I’m not particularly a fan of these Mainstream Media (MSM) overviews of Internet tools. I find, more often than not, that they’re typically short on analysis and don’t help investors really navigate what’s really out there, why these tools are important, and how investors are successfully using them.
This short video piece (2:45) ran late last week on the Wall Street Journal’s website (sorry, couldn’t get the video to embed for some reason). It’s a cursory overview of some sites focused on personal finance (Mint, Wesabe) with the perspective of more people wanting/needing to take control over their finances and investments in light of the recent financial tsunami. The interviewee is Shelly Banjo, Dow Jones Newswire’s reporter on wealth management.
A couple of sites are mentioned explicitly. Simplifi, a site that helps investors build their own financial plans, is mentioned as a good resource for do-it-yourself investors. Covestor, a tool that allows investors to see what others are actually doing with their investment money, is cited as an important site “so you don’t have to take advice from some financial advisor trying to sell you something”.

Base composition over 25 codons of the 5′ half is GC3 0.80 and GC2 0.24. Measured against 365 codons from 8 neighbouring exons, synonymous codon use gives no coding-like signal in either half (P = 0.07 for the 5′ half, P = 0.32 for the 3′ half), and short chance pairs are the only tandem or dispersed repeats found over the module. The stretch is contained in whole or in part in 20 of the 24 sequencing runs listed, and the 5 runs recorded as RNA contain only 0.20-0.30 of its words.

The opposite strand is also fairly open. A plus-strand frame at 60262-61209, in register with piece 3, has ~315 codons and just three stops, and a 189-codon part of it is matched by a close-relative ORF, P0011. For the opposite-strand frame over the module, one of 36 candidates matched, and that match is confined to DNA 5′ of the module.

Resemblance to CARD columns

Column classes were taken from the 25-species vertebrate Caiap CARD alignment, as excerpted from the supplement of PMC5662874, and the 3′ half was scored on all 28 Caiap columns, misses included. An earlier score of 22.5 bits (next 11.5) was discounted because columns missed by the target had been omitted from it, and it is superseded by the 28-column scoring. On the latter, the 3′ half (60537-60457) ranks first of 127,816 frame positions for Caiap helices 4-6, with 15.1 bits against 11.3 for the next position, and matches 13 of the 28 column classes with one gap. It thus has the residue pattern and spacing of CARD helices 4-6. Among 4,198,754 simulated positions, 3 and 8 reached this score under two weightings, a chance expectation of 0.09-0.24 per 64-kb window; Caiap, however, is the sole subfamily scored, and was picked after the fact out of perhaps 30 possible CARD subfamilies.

Frustrating to see MSM’s quick gloss-over of security and privacy issues. When asked about security with some of these sites, Banjo responds, “It’s OK. These sites have to be secure so people will use them. So, they’re OK.” In a way, she’s right. No one would use these systems if there was a likelihood that his entire financial history and net worth made its way online. Security is an important issue — I don’t think it’s enough to reason-away security issues. Be sure to check security/privacy policies of any site you may consider using for online investing/personal finance.
Anyway, also check out Banjo’s “The Best Online Tools for Personal Finance” that ran in today’s WSJ.